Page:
When I created one of my early programs on confidence it backfired…
It turned out that several participants became MORE nervous and LESS confident after they’ve followed my advice. That puzzled me because when I’d tested it on a small beta tester group, they had great results.
Here’s some of the advice that backfired:
- Be more confident by using a more confident body language (Made popular by Amy Cuddy’s Ted Talk)
- “Fake it til you make it” by playing the role of a confident person, such as a movie actor.
Interestingly enough, SOME people have great help by the methods above, and some instead get more nervous.
The methods above force you to focus your attention on yourself. If you already have skeptical self-thoughts, like “What will people think of me?” and “People think I’m weird”, these thoughts will naturally become stronger the more you focus on yourself.
So in an ironic twist of events in your head, these confidence exercises make some of us more self-conscious, more nervous and – less confident.
However, for people who’ve been able to curb their skeptical self-thoughts, faking self-confidence can work great. It’s just that it usually doesn’t work for those of us who need it the most.
Later on, I found studies confirming this (1, 2).
Therefore, we need another tactic that works no matter your starting point.
Here’s where shifting your attentional focus comes in.
In a study (3), participants were told to focus their full attention on a person they were told to have a conversation with. A control group was told to instead focus on themselves.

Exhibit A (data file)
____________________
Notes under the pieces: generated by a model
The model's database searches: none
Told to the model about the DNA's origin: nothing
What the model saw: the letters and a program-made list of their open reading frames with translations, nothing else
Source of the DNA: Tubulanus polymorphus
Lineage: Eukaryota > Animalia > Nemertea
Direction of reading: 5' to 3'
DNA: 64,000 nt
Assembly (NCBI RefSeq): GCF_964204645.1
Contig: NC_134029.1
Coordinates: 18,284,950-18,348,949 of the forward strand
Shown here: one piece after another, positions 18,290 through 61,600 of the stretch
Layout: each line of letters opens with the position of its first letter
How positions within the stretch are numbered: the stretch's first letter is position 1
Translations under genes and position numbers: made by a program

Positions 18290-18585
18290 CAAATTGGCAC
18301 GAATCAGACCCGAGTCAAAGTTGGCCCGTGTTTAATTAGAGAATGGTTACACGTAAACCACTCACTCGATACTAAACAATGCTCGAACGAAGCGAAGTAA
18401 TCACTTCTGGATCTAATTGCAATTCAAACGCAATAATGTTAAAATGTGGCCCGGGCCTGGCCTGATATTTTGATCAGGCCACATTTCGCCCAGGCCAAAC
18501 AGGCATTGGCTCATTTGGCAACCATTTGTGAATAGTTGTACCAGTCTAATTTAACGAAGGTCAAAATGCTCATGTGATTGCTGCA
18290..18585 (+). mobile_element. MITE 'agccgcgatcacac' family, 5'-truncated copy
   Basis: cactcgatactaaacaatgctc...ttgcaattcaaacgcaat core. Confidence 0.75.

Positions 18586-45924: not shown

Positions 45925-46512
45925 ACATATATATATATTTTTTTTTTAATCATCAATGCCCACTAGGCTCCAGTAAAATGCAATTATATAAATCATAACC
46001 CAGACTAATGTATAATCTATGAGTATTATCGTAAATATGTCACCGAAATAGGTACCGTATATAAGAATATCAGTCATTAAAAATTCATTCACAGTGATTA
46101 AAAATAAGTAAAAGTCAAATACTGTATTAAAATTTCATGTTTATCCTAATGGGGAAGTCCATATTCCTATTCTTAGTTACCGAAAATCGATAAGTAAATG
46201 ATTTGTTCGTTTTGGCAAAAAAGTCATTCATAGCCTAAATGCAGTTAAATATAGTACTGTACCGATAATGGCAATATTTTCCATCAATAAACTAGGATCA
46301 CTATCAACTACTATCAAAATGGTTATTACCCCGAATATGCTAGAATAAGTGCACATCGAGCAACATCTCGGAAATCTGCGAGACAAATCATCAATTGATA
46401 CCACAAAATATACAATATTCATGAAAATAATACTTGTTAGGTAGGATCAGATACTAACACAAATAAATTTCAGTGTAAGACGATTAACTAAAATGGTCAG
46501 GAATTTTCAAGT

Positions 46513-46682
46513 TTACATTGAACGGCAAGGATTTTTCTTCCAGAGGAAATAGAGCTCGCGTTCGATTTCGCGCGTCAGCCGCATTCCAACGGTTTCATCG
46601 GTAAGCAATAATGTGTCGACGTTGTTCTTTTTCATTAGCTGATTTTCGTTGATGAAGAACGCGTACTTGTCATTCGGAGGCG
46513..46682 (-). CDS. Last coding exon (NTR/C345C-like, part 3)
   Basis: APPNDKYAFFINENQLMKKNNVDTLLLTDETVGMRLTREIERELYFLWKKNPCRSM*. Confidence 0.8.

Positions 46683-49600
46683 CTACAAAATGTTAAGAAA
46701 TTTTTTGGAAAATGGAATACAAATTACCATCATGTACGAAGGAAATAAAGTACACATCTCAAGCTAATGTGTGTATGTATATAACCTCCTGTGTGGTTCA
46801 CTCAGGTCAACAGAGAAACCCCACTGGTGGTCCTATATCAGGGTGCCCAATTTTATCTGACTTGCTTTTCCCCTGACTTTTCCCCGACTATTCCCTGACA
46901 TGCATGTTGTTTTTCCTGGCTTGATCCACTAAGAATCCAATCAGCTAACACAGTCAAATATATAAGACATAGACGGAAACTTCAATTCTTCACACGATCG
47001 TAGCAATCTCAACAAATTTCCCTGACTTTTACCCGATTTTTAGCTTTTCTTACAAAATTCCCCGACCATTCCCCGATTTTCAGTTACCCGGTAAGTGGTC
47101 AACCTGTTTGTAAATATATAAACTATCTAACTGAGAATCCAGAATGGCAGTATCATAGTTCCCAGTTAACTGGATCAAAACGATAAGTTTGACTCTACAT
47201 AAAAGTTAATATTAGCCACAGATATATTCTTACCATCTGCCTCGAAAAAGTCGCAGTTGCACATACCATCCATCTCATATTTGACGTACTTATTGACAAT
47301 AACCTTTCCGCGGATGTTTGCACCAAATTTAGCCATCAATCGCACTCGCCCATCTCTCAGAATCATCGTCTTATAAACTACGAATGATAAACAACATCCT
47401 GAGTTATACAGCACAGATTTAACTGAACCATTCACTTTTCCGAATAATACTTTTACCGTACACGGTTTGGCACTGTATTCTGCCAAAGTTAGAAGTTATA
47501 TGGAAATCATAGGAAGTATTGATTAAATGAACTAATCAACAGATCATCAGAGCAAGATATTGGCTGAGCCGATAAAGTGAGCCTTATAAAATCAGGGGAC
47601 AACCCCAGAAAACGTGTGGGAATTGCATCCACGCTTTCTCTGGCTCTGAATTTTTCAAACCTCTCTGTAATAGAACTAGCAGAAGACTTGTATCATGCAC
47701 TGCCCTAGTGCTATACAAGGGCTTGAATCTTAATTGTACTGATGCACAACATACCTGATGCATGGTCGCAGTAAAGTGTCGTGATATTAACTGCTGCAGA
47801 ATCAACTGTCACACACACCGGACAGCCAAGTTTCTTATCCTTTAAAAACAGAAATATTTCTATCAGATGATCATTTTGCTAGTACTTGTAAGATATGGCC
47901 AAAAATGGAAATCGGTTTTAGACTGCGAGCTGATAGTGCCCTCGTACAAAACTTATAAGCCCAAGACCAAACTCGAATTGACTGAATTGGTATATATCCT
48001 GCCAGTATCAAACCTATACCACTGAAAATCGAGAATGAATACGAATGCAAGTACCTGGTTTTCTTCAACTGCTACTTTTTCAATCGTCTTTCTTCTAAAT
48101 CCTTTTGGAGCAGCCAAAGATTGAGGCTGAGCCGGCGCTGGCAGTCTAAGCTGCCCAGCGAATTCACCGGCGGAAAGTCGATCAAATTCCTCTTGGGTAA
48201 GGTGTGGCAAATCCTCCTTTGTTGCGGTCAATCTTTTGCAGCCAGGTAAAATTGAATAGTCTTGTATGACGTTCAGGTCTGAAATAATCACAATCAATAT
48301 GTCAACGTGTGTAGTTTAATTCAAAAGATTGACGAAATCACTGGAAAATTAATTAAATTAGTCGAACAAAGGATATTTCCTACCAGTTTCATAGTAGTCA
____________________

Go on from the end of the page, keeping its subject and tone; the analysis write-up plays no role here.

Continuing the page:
It turned out that that the MORE nervous people had described themselves before the test, the better the method of focusing outwards worked.
Here’s an effective way to do this in real life:
Whenever you start feeling self-conscious in a conversation, ask yourself (this is just an exercise in your head) questions about whatever the person is talking about.
Let’s say someone mentions volunteering at a dog shelter. When you focus on what someone’s talking about, you’ll notice that you’ll soon be able to come up with a lot of questions.
- What was it like at the shelter?
- What’s her favorite kind of dog?
- Has she volunteered before?
- How was she able to work without pay?
- Would she recommend it?
- Was there any downside?
- How many dogs were there?
You don’t need to be in an active conversation to be able to use this method. If you’re, say, at a mingle with a lot of people in the room, you can ask yourself questions about any one of them.
- What might that person work with?
- What’s that person interested in?
- How’s that person feeling right now? (Stressed, happy, calm, frustrated, sad?)
This ability to come up with questions (I call it “cultivating an interest in people”) is one of the most powerful social abilities you can learn.
It’s powerful because of two things:
- It forces your brain to focus outwards instead of being self-conscious
- You’re practicing your curiosity in others. This curiosity makes it easier to come up with questions and ultimately getting to know people. If you’re good at asking yourself interesting questions about people, you’ll be able to actually use some of those questions when they fit the conversation.
Have you ever tried faking confidence? Have you tried focusing outwards? Let me know in the comments what happened!
1: Body posture effects on self-evaluation: A self-validation approach
2: The Ergonomics of Dishonesty: The Effect of Incidental Posture on Stealing, Cheating, and Traffic Violations
3: The effect of attentional focus on social anxiety